An expedition along the imperiled Rio Grande

The river’s future may include longer droughts, larger floods and shrinking snowpack.

  • Colin McDonald climbs up a snow bank to take a water sample at Stony Pass (12,800 feet), the headwaters of the Rio Grande River on the Continental Divide in the Rio Grande National Forest near Creede, Colorado.

    Erich Schlegel
  • The Rio Grande River flows beyond the remnants of the West Fork Complex Fire that burned about 110,000 acres near Creede, Colorado in June 2013.

    Erich Schlegel
  • Aerial views over Del Norte and Monte Vista, Colorado, where the first canal diverges from the Rio Grande River. The canal brings surface water to the center-pivot agricultural fields in the San Luis Valey of Colorado.

    Erich Schlegel
  • Matthew Gontram and Colin McDonald head down to the Rio Grande to kayak the Upper Box of Rio Grande Gorge near Questa, New Mexico.

    Erich Schlegel
  • Jason Jones maneuvers his canoe through the racecourse section of the Rio Grande River near Pilar, New Mexico.

    Erich Schlegel
  • Former Santo Domingo Pueblo Gov. Everett Chavez stands at the edge of an eroded floodway near the pueblo in New Mexico.

    Erich Schlegel
  • Louis Burck throws hay for his cows on his ranch along the Rio Grande and Chama Rivers in Ohkay Owingeh Pueblo, New Mexico.

    Erich Schlegel
  • Bighorn sheep are released above Cochiti Canyon, New Mexico. A total of 44 were released over three days.

    Erich Schlegel
  • Alfalfa farmer Corkey Herkenhoff works on his land at Indian Hill Farms in San Acacia, New Mexico.

    Erich Schlegel
  • Seventh graders from Sierra Middle School get a science lesson on the Highway 70 bridge over the dry Rio Grande River in Las Cruces, New Mexico.

    Erich Schlegel
  • Colin McDonald paddles down the Rio Grande on his way toward Elephant Butte reservoir near Truth or Consequences, New Mexico.

    Erich Schlegel
  • Javier Ramirez, left, and Geronimo Mendoza work on weeding a field of chile as Colin McDonald walks by on the river levee through Hatch, New Mexico.

    Erich Schlegel
  • Monsoon thunderstorms roll and lightning strikes near Cochiti Pueblo, New Mexico.

    Erich Schlegel

 

The Rio Grande emerges from a snowfield at Stony Pass in the San Juan Mountains of southern Colorado, and for the first 20 miles it’s as cold, clear and free as a river can be, subject only to snowpack, rain and temperature. Then the river meets the Rio Grande Reservoir, flanked by mountains in a watershed of beetle-killed spruce. Here it becomes an irrigation system regulated by treaties, state compacts and water rights dating to the mid-1800s. Until it reaches the Gulf of Mexico, 1,800 miles away, dams and levees control every drop.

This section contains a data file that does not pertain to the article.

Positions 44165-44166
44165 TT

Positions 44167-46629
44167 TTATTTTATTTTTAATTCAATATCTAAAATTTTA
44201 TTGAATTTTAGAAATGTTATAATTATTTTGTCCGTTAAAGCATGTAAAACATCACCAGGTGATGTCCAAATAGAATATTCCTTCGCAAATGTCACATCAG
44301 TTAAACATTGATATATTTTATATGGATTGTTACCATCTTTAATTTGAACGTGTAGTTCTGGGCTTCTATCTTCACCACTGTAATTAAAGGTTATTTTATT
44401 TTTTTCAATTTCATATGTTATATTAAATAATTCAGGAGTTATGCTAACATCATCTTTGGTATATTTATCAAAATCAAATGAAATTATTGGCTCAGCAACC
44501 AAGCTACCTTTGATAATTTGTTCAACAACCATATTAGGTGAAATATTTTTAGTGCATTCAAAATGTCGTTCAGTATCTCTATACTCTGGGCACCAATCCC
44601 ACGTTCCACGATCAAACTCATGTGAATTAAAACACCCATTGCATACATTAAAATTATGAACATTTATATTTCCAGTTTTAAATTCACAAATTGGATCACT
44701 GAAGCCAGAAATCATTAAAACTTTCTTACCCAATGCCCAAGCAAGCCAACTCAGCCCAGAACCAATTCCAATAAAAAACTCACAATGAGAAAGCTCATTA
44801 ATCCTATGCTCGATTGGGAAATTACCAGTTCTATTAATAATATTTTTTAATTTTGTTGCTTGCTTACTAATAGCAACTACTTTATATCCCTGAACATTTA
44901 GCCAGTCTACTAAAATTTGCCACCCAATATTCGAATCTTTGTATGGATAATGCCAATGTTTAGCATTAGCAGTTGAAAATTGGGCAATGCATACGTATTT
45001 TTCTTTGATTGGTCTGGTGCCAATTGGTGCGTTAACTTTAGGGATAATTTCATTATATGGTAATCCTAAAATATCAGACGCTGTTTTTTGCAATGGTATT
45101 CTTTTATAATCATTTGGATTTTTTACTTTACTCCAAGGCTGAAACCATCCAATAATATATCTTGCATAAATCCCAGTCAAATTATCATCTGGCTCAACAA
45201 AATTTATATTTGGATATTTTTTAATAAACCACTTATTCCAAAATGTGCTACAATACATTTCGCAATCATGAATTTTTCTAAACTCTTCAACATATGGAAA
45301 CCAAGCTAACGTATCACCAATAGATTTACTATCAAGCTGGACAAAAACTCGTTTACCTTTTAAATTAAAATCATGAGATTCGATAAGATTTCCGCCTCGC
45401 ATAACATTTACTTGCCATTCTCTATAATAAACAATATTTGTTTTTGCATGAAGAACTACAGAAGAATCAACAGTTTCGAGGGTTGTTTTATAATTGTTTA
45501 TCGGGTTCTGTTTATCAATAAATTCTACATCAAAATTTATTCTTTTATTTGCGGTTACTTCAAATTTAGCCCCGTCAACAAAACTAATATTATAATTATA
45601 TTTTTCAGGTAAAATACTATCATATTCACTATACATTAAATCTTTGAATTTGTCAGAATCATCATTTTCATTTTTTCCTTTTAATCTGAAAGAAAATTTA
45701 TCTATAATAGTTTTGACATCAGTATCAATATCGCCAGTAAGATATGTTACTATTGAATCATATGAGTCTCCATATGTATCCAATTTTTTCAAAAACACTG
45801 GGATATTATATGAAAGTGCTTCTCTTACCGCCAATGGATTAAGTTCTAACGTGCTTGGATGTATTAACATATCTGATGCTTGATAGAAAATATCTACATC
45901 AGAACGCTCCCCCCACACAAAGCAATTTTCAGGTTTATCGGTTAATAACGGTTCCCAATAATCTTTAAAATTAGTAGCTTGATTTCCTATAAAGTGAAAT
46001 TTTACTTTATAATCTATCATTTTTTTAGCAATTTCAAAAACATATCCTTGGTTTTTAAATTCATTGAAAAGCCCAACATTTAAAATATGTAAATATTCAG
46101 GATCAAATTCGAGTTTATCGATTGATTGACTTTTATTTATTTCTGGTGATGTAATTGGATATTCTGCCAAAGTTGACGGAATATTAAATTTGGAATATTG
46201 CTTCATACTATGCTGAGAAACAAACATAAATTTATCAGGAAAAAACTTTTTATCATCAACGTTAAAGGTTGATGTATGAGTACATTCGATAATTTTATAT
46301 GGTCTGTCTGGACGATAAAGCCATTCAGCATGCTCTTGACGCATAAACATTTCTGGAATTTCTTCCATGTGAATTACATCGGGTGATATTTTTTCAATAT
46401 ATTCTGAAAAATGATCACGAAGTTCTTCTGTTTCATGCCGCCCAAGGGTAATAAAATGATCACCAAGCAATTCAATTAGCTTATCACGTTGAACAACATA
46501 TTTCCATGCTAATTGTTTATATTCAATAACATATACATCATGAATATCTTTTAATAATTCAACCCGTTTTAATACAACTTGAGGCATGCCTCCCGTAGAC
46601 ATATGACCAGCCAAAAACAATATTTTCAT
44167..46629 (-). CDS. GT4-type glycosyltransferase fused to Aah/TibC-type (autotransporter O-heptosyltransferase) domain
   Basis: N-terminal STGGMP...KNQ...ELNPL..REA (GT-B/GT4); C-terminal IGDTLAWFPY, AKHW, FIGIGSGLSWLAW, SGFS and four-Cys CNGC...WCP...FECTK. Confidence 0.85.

Few people understand the river’s state today, let alone can imagine its future — longer droughts, larger floods, shrinking snowpack that melts sooner. So in June, I set out to follow the Rio Grande from its source to the Gulf of Mexico, alongside photographer Erich Schlegel. By foot, kayak and canoe, we are exploring the river, seeking to comprehend the recent changes. We expect to reach the sea in January. On every reach, we meet people who love the river and are working to shape its future. Meanwhile, the Rio Grande stays busy, carving mountain ranges and deserts, nourishing wildlife and human beings. In 150 years, it will fill its reservoirs with sediment. Everything on the river is temporary. 

We arrived at the end of the Upper Rio Grande in late August, after hauling our canoes across a delta of pudding-like mud at the head of the Elephant Butte Reservoir, outside Truth or Consequences, New Mexico. The reservoir was 7 percent full. The only water leaving it runs from a pipe collecting condensation inside the dam’s inspection tunnels. The river will not flow again until it merges with the Rio Conchos, flowing out of Mexico, some 400 miles downstream. 

This story appears in High Country News with support from the McCune Charitable Foundation.

Feature Image: Colin McDonald carries his pack raft below Caballo Lake near Arrey, New Mexico. After paddling the last section of the lake, he walked the rest of the way in southern New Mexico.